May 2017 LEVELnews

Great Lakes–St. Lawrence River water levels
Volume 25, number 5

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Rain brings high levels to Lake Ontario – St. Lawrence River

Great Lakes watershed-wide rainfall events in April and the first week of May caused all of the Great Lakes and the St. Lawrence River to rise. Lake Ontario and St. Lawrence River levels were affected the most, while the other Great Lakes levels rose close to at least the highest levels seen in the past couple of years. All the lakes remain well above average levels for this time of year and continued to increase in the first week of May.

By the end of April, Lake Ontario had risen to levels that haven’t been seen since 1993, and reached near record levels in the first week of May. By May 10 the daily average Lake Ontario water level was 75.80 m, only 2 cm below the highest level ever recorded (1918–2016) at the beginning of June 1952. Along with high levels in Lake Ontario, the rain events also caused high flow in the Ottawa River basin resulting in record high levels in the St. Lawrence River. The Iroquois and Moses–Saunders dams on the St. Lawrence River were operated to balance water levels in the Lake Ontario – St. Lawrence River system to minimize the flood potential to the extent possible. Further information on flow regulation out of Lake Ontario can be found at the International Lake Ontario – St. Lawrence River Board Facebook Page and the International Joint Commission web site.

April monthly lake levels

All of the lakes had monthly mean levels above average in April. The April monthly mean water level of Lake Superior was 15 cm above its period-of-record (1918–2016) average, but 7 cm lower than April 2016. Lake Michigan–Huron’s mean level in April was 28 cm above average and 11 cm lower than last April’s level. Lake Erie’s mean monthly level was 42 cm above average and 4 cm above its level the previous April. Lake Ontario was 47 cm above its April average and 24 cm higher than the level last year.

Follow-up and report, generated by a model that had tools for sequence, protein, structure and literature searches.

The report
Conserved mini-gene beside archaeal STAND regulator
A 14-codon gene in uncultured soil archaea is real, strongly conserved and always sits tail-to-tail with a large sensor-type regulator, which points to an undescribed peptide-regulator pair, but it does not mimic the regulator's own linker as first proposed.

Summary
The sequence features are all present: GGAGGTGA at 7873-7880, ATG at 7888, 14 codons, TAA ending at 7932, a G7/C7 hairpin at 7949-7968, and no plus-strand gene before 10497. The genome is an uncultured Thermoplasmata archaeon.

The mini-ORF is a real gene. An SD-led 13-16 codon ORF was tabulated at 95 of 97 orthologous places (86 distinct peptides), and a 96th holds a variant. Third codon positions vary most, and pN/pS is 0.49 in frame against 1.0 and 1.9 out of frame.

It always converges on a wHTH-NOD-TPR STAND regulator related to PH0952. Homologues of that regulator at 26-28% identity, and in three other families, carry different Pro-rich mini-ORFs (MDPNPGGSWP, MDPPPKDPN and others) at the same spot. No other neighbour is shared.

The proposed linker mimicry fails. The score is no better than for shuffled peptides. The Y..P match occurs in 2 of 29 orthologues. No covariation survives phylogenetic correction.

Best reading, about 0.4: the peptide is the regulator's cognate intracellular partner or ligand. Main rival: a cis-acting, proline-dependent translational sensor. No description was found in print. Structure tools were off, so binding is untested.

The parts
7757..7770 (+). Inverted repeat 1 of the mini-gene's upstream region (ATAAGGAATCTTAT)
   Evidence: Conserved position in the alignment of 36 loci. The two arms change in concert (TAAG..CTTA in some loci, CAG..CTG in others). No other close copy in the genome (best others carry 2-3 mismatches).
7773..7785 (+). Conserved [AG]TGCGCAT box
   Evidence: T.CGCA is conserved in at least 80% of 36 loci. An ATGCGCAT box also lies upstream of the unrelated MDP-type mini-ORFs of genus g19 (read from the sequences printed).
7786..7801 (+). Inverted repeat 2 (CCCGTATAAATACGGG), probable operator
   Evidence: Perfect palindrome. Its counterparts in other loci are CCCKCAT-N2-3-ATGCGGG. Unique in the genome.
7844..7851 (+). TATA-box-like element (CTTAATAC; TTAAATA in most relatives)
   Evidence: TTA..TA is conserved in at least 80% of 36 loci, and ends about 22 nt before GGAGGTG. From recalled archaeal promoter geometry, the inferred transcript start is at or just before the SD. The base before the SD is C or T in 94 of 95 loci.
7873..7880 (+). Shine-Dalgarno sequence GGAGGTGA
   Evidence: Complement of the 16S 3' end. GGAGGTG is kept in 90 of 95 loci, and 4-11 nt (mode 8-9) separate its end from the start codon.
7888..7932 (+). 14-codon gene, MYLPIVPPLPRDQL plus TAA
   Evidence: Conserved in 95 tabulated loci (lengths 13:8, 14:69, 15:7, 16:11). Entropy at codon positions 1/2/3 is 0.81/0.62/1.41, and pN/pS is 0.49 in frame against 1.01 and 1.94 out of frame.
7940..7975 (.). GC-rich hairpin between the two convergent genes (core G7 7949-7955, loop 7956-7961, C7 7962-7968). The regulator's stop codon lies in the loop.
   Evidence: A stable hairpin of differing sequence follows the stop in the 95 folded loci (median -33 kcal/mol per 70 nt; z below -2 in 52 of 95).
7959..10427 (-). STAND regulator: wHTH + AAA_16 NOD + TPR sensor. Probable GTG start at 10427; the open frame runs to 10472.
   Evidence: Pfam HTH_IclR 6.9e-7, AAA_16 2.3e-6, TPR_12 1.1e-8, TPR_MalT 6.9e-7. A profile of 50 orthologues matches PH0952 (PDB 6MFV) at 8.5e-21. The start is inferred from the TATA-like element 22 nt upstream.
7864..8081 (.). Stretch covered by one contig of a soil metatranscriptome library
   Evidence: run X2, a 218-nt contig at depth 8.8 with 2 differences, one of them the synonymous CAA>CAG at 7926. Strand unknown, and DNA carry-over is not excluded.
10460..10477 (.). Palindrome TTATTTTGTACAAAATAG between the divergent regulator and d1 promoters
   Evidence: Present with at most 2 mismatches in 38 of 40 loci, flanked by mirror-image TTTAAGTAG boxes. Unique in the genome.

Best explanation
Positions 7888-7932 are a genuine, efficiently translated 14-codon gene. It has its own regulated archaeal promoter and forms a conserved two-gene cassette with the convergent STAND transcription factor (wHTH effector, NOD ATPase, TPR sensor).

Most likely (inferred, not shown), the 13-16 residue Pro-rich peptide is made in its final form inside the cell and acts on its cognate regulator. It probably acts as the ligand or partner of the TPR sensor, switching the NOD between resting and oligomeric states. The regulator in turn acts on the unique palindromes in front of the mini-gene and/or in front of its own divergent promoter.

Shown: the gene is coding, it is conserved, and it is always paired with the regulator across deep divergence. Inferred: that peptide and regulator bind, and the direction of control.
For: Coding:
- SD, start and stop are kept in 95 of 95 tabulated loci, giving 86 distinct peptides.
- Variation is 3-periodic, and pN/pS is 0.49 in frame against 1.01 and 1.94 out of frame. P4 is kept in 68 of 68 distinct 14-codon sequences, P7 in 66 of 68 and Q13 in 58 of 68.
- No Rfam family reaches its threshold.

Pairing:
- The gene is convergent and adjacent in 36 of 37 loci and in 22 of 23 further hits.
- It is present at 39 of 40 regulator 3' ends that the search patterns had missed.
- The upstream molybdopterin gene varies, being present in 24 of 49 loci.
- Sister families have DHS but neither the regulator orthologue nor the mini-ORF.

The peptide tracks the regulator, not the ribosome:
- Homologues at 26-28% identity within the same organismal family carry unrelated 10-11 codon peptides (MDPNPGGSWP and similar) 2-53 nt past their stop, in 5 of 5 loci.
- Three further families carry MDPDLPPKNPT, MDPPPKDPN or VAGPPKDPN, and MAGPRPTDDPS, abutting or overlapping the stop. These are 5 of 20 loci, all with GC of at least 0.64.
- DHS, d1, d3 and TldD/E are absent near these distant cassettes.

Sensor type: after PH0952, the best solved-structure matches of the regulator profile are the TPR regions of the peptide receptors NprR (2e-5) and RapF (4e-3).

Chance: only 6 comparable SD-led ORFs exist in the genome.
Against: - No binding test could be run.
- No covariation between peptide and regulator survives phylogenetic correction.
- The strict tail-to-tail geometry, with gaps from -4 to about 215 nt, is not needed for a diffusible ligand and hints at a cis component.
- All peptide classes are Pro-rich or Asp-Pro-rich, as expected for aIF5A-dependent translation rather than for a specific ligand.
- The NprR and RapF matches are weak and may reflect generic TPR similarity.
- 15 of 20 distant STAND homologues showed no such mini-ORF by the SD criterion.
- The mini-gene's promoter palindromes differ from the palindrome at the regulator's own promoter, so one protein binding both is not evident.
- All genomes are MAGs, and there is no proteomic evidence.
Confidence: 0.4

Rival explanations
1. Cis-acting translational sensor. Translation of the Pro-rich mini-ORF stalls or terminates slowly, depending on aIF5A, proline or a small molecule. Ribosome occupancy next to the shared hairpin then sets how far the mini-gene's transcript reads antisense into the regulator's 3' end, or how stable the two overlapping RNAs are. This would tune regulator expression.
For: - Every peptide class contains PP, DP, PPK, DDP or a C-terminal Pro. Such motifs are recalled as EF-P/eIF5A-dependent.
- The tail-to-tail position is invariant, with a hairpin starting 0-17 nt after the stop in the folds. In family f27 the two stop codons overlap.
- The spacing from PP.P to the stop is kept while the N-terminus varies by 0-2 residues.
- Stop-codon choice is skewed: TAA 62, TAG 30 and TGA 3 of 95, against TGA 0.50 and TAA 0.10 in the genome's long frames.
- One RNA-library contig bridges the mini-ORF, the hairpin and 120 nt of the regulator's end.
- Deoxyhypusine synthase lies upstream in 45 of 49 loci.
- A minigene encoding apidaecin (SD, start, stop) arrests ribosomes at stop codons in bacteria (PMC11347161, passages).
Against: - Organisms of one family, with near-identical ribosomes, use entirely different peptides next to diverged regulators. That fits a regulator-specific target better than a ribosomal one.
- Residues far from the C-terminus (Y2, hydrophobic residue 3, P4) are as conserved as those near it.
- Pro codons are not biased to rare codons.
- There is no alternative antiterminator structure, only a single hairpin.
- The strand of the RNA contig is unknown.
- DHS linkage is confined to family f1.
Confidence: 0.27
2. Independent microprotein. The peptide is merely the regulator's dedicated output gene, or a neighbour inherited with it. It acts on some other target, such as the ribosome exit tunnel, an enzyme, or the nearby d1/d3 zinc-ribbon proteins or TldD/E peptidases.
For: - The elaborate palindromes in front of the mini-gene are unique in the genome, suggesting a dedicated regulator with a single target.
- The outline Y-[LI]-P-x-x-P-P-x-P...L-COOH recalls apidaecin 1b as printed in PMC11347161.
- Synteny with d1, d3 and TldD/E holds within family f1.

Great Lakes water level information:
April 2017 monthly mean level
LakeCompared to monthly average (1918–2016)Compared to one year ago
Superior15 cm above7 cm below
Michigan–Huron28 cm above11 cm below
St. Clair43 cm above2 cm below
Erie42 cm above4 cm above
Ontario47 cm above24 cm above
Great Lakes water level information:
beginning-of-May 2017 level
LakeCompared to beginning-of-month average (1918–2016)Compared to one year ago
Superior19 cm aboveSame
Michigan–Huron31 cm above6 cm below
St. Clair44 cm above1 cm above
Erie43 cm above6 cm above
Ontario55 cm above40 cm above

Lake level changes

Very high precipitation across the Great Lakes basin resulted in near to above average level changes for all the lakes through April and all lakes continued to rise through the first nine days of May. Lake Superior’s 13 cm rise was its 11th highest rise for April when on average (1918–2016) it rises 8 cm even though it had above-average outflow. Through the first nine days of May it rose the least of the Great Lakes, with its daily average levels rising 3 cm by May 7 but then began to fall. Lake Michigan–Huron’s level rose 18 cm, its 14th highest April rise, when on average it rises 11 cm through April. Through the first nine days of May its daily average level rose another 4 cm. Lake Erie was the only lake with a rise below average, rising 12 cm over April, when on average it rises 13 cm, but its daily average level rose 18 cm in the first nine days of May. Lake Ontario had a rise of 44 cm, its 3rd highest April rise and more than double the 21 cm average rise for April. Rainfall in the first week of May caused the daily average level of the lake to rise another 25 cm in the first nine days of May. Montreal Harbour levels rose quickly through the first three weeks of April due to thawing winter snow in combination with rainfall events and within the first week of May had reached record high levels.